30 Days of Tennessee Archaeology, Day 9
Tennessee Division of Archaeology
The Cumberland River Valley (CRV) in Tennessee exhibits a remarkable archaeological sequence including more than 5,000 recorded ancient Native American sites. Our understanding of the prehistoric sequence in the region is the result of thousands of excavations and surveys, including efforts by antiquarian scholars, archaeological consultants, state and federal agency archaeologists, colleges and universities, and Tennessee’s avocational archaeological community. However, while these investigations have contributed a tremendous body of data to archaeological understandings of Tennessee and the American Southeast, they have until recently only scratched the surface of one particular cultural component: Archaic shell-bearing sites.
To date there are 51 recorded prehistoric shell-bearing sites within the CRV, at least 40 of which can be dated to the period between ca. 6000 and 1000 cal BC. These sites are typically situated on remnant levees or lower terrace formations of larger waterways, and often overlook confluences. Shallow gravel bars situated at those confluences prior to historic dam and channel construction were once the natural habitat of freshwater mollusks including both gastropods (snail) and bivalves (mussels). It is the remains of these creatures that comprise the defining element of shell-bearing archaeological sites.
Concentrations of freshwater shellfish also appear during the Archaic period at sites along other interior waterways of the Southeast, including the Green River and its tributaries in Kentucky, the Tennessee River in Alabama and Tennessee, and the Duck River in Tennessee. These sites have been historically labeled either “shell mounds” or “shell middens,” although more recent discussions from the interior Southeast favor the descriptor of “shell-bearing.” Archaic shell-bearing sites in other drainages have been intensively investigated as a result of efforts by antiquarian scholars, pre-inundation survey and salvage efforts, and the Shell Mound Archaeological Project along the Green River, as well as through more recent data reanalysis.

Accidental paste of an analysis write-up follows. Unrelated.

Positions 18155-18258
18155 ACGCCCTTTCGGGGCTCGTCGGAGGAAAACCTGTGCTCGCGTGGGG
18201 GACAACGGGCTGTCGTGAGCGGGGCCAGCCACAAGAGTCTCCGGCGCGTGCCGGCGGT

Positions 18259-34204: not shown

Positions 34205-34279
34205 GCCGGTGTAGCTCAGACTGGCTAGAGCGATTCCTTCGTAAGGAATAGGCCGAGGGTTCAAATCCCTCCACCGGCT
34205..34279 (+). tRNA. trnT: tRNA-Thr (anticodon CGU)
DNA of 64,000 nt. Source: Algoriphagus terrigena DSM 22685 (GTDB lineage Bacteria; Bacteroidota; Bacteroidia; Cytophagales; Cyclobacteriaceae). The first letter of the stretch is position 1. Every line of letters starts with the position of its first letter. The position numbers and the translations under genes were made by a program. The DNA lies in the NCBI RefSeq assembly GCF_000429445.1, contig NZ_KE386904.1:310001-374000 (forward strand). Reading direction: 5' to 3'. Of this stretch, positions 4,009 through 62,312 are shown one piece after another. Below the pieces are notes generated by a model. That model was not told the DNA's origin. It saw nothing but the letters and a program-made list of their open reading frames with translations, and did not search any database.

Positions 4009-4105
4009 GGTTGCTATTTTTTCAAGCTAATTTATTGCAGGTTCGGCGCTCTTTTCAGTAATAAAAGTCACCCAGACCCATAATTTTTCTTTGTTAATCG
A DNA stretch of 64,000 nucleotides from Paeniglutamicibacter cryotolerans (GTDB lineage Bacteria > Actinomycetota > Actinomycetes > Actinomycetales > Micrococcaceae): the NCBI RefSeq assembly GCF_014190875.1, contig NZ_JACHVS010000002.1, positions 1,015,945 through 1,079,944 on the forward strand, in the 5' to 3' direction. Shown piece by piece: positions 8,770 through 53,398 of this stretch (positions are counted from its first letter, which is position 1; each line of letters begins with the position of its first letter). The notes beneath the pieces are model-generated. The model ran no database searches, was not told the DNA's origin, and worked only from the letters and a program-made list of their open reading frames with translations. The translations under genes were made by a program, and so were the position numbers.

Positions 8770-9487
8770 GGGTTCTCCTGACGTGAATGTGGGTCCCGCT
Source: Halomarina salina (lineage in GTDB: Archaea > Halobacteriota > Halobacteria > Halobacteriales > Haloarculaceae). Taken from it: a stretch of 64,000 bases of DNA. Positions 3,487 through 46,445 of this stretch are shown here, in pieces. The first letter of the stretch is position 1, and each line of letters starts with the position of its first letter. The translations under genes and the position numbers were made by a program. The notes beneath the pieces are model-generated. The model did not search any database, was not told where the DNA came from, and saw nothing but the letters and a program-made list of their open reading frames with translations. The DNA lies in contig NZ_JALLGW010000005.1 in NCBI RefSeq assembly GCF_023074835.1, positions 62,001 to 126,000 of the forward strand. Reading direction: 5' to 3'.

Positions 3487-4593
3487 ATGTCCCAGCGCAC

Conversely, few formal archaeological studies have taken place at Archaic shell-bearing sites in the CRV prior to the past decade. The presence of prehistoric shell deposits in Cheatham, Sumner, and Wilson Counties was noted in the 1940s and 1950s during reservoir surveys by the Smithsonian Institution River Basin Survey. Unfortunately, those reports contain little useful information regarding the character or in many instances even the specific locations of identified sites. Subsequent surveys of the Cordell Hull and J. Percy Priest Reservoirs by Dan Morse and colleagues from the University of Tennessee-Knoxville investigated shell-bearing deposits at six sites in Jackson and Smith Counties, culminating with Morse’s 1967 dissertation on Robinson Shell Mound (40SM4). Morse’s dissertation constitutes the first research-driven effort at interpreting Archaic shell-bearing deposits in the region.